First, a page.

From the Irish Roots Cafe Broadcast Network
Irish Roots Cafe Video Shorts. #5. Advance Shownotes.
The Annals of Ireland by the Four Masters.
Filmed live at the Irish Roots Festival workshops this year.
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Video Run Time: 02:53
Of note to Irish historians and genealogists.
A Rare Irish History
Originally written in the Irish language, this book is also
a year by year timeline of Irish history. The events are organized
by year, sometimes noting the ‘great wind’ that caused much
destruction, or the slaugher of O’Reilly by O’Rourke one year, and
O’Rourke slaughtering O’Reilly the next.
How it came about
The patron of the ‘Four Masters’ or ‘Four Friars’ declared that all
known history of Ireland be compiled in one work, so they went forward
from Donegal to collect all the fragments of the old books that existed.
This was in the early 17th century, and perhaps the last opportunity to
do so before the final collapse of the Irish culture. Some of that history
now survives only in in these annals. This is well recorded in the
introduction to this work.
Footnotes in the modern style.
The first major translation of the Annals of Ireland was made by
Owen Connellan. The footnotes to this first major English translation
are in a more modern fashion than the original text. The traditional
locations for families in Ireland is given, which is of great interest to
those interested in Irish Family History. (The other great history
written in the 17th century was “Keatings History of Ireland”, which is
written in more of a modern narrative style throughout.)
Published in the 21st Century
When the English translation of the Annals of Ireland by the Four Masters
was first published in 1846, they were hailed as a part of the great ‘Celtic
Awakening’ or revival of the day. This was in part due to the fact that
few histories recorded by the Irish themselves, on such a scale had survived.
The importance of the Annals went far beyond the words that appeared
on the page. They represented the fact that the Irish actually had their
own history that could be looked back upon – though so much was lost.
Connellans translation was a rare work indeed, with not only the
Annals of the Four Masters translated into English, but with a four
color frontis piece at the beginning of the work, In addition, he included
the first great folding map of the location of Irish families, in the rear
of the work. I chose to reproduce all these features as they originally
appeared. I also added an index of Irish names on the map, which has
made it much easier for new researchers to find their family as it was given.
Many more names of course, appear in the books themselves.
Here is the preface I wrote as editor to the Annals in 2003:
Owen Connellan (1800-1869).
This noted Irish antiquarian was born in County
Sligo and became an outstanding translator of
works in the Irish language. He was chair of Irish
at the University of Belfast by 1845, after having
produced the ‘Practical Grammar of the Irish
Language’ in 1844.
He also served as RIA amanuensis for some 20
years, and was Irish historiographer under the
reign of George IV and William IV. In 1846 his
Annals of Ireland by the Four Masters became the
first ever complete translation into English for the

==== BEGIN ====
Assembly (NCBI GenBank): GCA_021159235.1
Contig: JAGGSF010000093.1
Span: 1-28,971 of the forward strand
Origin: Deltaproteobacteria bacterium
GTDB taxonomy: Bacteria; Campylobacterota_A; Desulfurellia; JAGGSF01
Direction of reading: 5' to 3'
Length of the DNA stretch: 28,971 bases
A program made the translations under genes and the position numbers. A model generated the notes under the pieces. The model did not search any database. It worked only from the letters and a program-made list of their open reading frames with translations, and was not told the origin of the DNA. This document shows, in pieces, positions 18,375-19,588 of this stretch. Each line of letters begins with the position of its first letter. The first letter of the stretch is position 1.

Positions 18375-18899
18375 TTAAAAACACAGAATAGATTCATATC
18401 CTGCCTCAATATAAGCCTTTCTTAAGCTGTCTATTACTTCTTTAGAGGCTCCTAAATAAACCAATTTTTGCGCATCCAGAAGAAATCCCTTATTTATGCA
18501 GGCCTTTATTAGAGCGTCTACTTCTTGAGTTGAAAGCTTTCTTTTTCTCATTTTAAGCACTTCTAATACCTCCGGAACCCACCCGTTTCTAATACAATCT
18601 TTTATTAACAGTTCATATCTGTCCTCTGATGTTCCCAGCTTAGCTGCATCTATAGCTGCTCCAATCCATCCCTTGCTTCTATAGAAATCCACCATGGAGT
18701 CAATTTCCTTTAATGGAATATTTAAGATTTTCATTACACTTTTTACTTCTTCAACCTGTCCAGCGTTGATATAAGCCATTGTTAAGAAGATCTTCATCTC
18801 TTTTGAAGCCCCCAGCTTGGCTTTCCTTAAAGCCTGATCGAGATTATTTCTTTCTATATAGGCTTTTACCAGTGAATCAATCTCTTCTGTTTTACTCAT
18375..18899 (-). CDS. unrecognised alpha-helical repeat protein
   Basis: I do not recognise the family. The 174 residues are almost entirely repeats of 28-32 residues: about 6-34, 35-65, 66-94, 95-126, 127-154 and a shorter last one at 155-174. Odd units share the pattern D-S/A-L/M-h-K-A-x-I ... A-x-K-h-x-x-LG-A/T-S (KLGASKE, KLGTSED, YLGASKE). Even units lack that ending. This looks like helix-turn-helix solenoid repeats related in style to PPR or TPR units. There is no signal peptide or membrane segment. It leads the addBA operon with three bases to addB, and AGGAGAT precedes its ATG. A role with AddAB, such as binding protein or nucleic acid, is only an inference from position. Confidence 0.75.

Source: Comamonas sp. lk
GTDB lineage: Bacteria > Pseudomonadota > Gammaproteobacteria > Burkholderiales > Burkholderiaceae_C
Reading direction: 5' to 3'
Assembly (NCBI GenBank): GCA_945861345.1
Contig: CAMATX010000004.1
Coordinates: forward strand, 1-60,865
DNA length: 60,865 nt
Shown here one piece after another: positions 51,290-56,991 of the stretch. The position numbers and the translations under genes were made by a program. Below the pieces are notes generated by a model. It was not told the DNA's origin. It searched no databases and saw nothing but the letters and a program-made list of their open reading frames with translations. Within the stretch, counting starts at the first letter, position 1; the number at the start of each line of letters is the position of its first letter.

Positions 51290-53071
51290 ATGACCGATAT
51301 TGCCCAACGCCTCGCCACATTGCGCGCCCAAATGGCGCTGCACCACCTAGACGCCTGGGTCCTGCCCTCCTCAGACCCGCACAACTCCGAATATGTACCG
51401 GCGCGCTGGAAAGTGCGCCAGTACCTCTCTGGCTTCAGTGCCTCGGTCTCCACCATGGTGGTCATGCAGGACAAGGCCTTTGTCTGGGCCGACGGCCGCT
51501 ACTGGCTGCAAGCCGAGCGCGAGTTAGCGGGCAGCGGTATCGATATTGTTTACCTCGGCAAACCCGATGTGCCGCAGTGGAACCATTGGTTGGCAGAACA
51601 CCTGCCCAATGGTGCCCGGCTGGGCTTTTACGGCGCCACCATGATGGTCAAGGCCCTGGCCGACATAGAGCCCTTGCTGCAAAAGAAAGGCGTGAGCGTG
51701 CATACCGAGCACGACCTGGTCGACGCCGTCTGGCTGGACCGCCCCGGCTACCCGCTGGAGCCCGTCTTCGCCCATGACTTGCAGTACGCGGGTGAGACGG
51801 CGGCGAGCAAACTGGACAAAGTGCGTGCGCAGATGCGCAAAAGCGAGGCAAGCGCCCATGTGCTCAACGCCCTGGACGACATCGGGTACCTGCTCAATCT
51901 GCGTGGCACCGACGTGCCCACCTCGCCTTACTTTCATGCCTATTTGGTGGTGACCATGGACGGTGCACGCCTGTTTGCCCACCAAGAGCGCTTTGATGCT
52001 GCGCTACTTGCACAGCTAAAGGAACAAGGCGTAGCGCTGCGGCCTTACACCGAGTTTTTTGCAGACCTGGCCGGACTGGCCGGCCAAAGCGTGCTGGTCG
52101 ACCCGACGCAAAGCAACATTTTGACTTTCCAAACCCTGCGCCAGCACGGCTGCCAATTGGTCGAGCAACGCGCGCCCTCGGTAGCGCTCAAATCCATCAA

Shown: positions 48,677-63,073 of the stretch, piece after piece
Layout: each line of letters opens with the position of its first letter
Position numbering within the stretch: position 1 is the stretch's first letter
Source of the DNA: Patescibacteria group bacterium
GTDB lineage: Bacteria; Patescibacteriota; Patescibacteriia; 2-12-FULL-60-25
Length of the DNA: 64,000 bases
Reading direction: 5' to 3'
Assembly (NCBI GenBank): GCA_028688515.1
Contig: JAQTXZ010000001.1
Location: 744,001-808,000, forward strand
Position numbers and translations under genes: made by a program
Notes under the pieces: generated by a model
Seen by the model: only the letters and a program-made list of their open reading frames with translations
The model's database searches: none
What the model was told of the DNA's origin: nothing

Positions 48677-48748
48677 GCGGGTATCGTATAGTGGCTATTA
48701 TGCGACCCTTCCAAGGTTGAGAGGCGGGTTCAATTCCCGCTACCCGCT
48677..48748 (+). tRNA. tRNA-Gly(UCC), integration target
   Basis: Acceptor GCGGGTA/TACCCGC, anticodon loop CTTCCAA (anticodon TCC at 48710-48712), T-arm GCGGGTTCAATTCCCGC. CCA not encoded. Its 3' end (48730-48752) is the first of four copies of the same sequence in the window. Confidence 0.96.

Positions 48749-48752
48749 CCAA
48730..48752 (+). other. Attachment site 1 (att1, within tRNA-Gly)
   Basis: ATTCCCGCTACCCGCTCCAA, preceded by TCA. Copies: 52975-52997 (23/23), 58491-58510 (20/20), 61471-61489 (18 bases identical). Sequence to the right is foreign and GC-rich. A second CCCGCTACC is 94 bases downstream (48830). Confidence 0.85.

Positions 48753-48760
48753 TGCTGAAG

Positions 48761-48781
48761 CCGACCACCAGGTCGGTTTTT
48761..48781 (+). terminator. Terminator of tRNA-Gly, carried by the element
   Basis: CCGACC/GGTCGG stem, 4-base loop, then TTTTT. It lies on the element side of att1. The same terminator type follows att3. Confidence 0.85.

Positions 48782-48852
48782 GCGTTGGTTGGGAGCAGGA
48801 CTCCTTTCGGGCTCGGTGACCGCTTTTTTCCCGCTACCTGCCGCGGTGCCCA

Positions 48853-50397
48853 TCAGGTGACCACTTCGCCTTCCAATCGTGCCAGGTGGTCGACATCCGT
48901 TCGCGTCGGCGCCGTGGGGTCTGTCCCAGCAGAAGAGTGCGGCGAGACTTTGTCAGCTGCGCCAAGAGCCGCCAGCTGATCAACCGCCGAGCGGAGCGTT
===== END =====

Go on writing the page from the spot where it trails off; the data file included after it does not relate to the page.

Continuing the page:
years 1171 – 1616.
Owen Connellan’s translation of the annals into English was an
historic event. Never before had this history appeared complete,
in English. The dates covered represent the most accurate of the
years recorded by the Four Masters, from the 12th to the 17th century.
Connellan’s translation in 1846 predates the excellent work by John
O’Donovan. (These men were contemporaries. O’Donovan came out
with his translation several years after the initial appearance, and
public acceptance of, the annals by Connellan.)
Time brings us an improved knowledge of the Gaelic language, and of
the prejudices of the day. There is, however, no substitute for the original
translation of such a work. All that came after owe some debt to the
It is hoped that scholars and researchers will be able to avail themselves
of this edition, which has been too long out of print, almost forgotten.
The map and text displayed here has been directly reproduced from the
original, and understandably bears some marks of wear. This map, by
Philip MacDermott, was the first to locate so many families in Ireland (far
more than the crude map of Ortelius ). MacDermott also assisted with the
annotations to the text, which are an important part of this history.
You have here a faithful printing of the original from the IGF library. No
new errors have been introduced by a modern typing. The translations of
the day have been left exactly as they first appeared in 1846.
We are indebted to those who have supported our rare book program
over the years.
Michael C. O’Laughlin
Kansas City, Missouri
April 15, 2003
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Upcoming Free Videos in this series include:
6. Irish Families great & small
7. The Irish Families Project
8. The Plantation of settlers in Ireland
9. Irish Coats of Arms and Tartans
10. Timeline of old Irish Books
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12. Kansas City Irish History
13. St. Louis Irish History
14. Thanks from the Cafe
15. Missouri Irish Song and History
– End of Season One –
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About the Cafe
The Irish Roots Cafe is the leading publisher of Irish Books, Podcasts
and Videos for Historians and Family Researchers. See all of our
offerings at www.Irishroots.com.
A leader in online genealogy – we created the first weekly podcast on
Irish Genealogy in 2006, and are the sole publisher of rare Irish works.
Among our free audio and video broadcast series are:
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The Annals of Ireland by the Four Masters
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